Edward Snowden wasn't your traditional spy. He was, however, a very modern one, a guy who worked from a computer terminal in an office, similar to how a modern bomber pilot might control his drone. The weekend's big revelations about the NSA's biggest revealer prompt a natural question: How many Snowden-type spies with top secret security clearance are there?
There's another way in which Snowden was a modern spy. He didn't work for the government, but for a government contractor, Booz Allen Hamilton. Snowden's emergence has drawn a great deal of attention to the company, about which it is almost certainly not excited. Both The New York Times and The Wall Street Journal have stories detailing the growth of contractor dependency in the federal government, looking at Booz in particular. As does our sister publication National Journal, which quotes former NSA head Michael Hayden: "There isn't a phone or computer at [NSA headquarters] that the government owns."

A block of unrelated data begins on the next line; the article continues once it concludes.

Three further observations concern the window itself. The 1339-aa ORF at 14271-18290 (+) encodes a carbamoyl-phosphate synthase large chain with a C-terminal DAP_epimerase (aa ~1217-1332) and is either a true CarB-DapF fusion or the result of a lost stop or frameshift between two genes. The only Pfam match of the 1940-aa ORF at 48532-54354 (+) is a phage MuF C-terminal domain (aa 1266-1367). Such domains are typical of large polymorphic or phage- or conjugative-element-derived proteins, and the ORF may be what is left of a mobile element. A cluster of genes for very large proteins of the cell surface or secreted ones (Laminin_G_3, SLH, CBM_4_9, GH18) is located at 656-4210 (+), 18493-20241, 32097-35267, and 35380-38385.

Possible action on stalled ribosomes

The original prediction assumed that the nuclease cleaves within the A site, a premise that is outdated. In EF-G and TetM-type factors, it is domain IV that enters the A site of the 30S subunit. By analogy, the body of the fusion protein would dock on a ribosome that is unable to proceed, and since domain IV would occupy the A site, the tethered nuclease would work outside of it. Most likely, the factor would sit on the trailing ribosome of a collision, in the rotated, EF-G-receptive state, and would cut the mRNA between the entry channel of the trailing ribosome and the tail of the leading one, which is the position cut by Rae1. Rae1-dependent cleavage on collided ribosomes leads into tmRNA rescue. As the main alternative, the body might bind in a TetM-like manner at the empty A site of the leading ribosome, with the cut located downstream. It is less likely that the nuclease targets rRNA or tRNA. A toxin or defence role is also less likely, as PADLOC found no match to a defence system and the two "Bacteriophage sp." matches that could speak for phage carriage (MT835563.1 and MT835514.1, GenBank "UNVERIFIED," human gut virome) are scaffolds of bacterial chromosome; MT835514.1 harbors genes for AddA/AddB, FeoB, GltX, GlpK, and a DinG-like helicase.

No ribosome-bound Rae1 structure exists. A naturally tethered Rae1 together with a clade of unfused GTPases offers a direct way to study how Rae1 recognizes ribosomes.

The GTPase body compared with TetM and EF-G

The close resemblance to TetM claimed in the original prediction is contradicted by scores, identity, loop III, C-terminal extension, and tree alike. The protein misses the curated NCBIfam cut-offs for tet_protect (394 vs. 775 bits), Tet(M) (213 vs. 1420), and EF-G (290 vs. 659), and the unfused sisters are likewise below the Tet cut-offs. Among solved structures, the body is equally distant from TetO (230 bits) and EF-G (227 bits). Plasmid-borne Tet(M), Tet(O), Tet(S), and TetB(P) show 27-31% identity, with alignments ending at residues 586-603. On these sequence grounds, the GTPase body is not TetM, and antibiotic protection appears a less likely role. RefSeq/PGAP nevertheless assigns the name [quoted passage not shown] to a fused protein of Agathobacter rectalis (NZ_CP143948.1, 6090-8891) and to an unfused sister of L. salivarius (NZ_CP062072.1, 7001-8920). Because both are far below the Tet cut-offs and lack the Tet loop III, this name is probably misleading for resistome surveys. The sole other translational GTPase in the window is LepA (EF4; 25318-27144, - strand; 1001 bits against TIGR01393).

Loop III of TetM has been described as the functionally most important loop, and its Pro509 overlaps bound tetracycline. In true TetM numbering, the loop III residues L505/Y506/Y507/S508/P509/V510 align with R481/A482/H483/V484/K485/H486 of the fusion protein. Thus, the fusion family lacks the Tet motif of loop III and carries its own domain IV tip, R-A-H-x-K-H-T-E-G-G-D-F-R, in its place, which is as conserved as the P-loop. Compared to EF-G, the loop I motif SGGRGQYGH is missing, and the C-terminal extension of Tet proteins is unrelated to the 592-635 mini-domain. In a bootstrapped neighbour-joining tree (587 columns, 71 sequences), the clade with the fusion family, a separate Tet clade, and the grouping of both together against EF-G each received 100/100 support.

That's primarily because of shifts in how the government operates. Right now, federal employees make up less than one percent of the American population.
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